In mid-2007, she took a trip to Myanmar where she spoke out in support of the pro-democracy movement, and urged Burmese soldiers and militias to refrain from violence. Later that October, she ventured to the Middle East. Bush said she was in the region in an attempt to improve America's image by highlighting concern for women's health, specifically promoting her breast cancer awareness work with the US-Middle East Partnership for Breast Cancer Awareness and Research. She defined the trip as successful, saying that stereotypes were broken on both sides.

Overall, Bush traveled to 77 countries in the eight years of her husband's presidency, touring 67 of those during the second term.

Views on policy

Bush is a Republican and has identified herself with the GOP since her marriage.

When asked about abortion in 2000, Bush said she did not believe Roe v. Wade should be overturned. She did not comment on whether women had the right to an abortion. She did say, however, that the country should do "what we can to limit the number of abortions, to try to reduce the number of abortions in a lot of ways, and that is, by talking about responsibility with girls and boys, by teaching abstinence, having abstinence classes everywhere in schools and in churches and in Sunday school".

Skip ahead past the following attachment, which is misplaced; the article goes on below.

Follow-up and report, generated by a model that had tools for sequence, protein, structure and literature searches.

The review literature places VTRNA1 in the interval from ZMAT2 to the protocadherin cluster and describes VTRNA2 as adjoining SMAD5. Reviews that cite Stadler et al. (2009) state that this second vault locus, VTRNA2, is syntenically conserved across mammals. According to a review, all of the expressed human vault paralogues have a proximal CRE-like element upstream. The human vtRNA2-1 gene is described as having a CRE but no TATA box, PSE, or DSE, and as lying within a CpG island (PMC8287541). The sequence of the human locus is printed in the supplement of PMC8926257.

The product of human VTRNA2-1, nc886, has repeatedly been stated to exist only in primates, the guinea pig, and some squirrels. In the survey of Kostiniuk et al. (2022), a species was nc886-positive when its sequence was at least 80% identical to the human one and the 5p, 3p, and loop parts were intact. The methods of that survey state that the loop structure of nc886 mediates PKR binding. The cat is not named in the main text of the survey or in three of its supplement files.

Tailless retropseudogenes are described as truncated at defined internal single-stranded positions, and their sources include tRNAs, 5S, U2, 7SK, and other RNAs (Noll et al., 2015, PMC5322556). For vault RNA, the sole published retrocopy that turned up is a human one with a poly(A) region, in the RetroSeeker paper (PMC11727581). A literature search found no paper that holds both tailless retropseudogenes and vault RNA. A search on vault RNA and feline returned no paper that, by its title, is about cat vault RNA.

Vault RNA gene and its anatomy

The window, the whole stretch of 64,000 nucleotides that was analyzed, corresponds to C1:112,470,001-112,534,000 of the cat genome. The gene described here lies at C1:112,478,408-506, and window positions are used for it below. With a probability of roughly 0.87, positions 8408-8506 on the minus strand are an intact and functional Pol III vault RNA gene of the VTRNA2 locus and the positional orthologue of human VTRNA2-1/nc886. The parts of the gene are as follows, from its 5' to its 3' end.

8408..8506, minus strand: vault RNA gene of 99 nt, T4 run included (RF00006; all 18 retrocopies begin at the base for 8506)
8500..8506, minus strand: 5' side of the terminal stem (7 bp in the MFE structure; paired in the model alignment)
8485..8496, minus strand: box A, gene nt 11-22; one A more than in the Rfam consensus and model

Bush responded to a question during a 2006 interview concerning the Federal Marriage Amendment by calling for elected leaders not to politicize same-sex marriage, "I don't think it should be used as a campaign tool, obviously. It requires a lot of sensitivity to just talk about the issue ... a lot of sensitivity."